I really wanted to stay out of the conversation on it, and my belief is that the Pope meant not harm nor insult to the Islamic faith. The Pope shouldn't be that stupid to provoke one of the largest faith in the world. However, I think he just did not choose the right words.
The main story? Apparently, the Pope was quoting a 14th-century Byzantine emperor on the Prophet Mohammed, the founder of the Muslim faith on a speech during his visit to Germany. He said: "He said, I quote, 'Show me just what Mohammed brought that was new, and there you will find things only evil and inhuman, such as his command to spread by the sword the faith he preached."' He also said that violence was "incompatible with the nature of God and the nature of the soul". The Pope has apologised, saying that he is very sorry that some passages of his speech may have sounded offensive to the Muslims.
The Pope is actually referring to the Islamic Jihad. More precisely, the "Jihad by the Sword", or the "holy war" because there are other Jihads. Whereby, when pushed to the limits, you can retaliate to preserve the holiness of your faith. (I hope I got that right, correct me if I am wrong). Now, this is serious. He is almost stroking the patience of the Muslims by going straight at the heart of the Islamic faith. The bombings, 9-11, the Iraq invasion, etc... had all happened in only recent years. Surely, the Muslims, any Iraqi or Arab descents all have gone restless and felt oppressed because most of the world have generalised them with terrorists and violent people. They don't need any more of that.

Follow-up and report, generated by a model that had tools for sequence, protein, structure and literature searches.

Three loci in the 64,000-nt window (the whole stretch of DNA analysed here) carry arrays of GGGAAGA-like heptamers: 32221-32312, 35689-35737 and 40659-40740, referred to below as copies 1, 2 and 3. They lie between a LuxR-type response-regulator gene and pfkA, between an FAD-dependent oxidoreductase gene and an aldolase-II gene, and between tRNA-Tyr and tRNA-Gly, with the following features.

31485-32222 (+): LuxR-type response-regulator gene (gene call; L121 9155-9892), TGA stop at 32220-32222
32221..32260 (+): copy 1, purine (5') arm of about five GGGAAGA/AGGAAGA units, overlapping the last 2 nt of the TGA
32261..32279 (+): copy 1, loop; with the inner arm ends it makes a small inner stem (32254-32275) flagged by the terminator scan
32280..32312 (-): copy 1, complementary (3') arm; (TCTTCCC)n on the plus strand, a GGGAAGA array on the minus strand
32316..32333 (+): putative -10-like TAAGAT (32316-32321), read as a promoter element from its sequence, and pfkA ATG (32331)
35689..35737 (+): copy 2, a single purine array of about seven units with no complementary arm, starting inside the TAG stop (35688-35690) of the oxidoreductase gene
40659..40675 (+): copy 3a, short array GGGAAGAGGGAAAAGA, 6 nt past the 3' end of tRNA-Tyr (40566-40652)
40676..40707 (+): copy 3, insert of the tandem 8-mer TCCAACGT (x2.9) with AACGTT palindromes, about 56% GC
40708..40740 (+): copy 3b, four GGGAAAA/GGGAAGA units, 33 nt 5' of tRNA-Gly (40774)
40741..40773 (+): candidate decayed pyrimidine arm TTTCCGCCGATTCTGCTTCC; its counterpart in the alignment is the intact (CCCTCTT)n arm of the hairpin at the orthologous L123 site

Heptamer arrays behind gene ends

Bickering on religion and faith is always pointless, in my view. That is why I always avoid such talks if possible. I can understand the reaction of the Muslims. Should someone starts attacking my faith, with or without grounds, I would most definitely be upset. In the past, some people have challenged me to a religious debate many times, and I backed off gracefully whenever I can. And whenever I am forced to indulge in the the debates, I always win. Sure, I won. But so what? I'm not happy cos it's the outcome of it that I don't like. And normally, in the heat of the debates, we may say something that doesn't sound right to the other party. So if I lose, I get upset, and they continue gloating. If they lost and took it negatively, they hate me. And if the debate have shook the cornerstone of our faith, we get confused with life and its purpose. It's always good if both parties are open-minded, so that no matter what the conclusion/outcome of the debate is, we still respect each other. But that rarely happens.
Therefore it's not who is right nor who is wrong. The point of the matter is not whether the Pope has solid understanding of the Muslim faith, nor even that his good intentions behind his speech is misunderstood. The point is - he should not have brought it up in the first place unless he had structured his words properly.
Look at the aftermath of this event right now:
The Pope has apologised but it has planted a seed of hate and distrust to any of the future speeches and lectures that he will be making.
Although some Muslimes have accepted the statement and apology, there are other Muslims has stepped further, and demanded that the Pope apologise in person, and that they do not accept the explaination that the speech was "badly interpreted". What are they gonna ask next?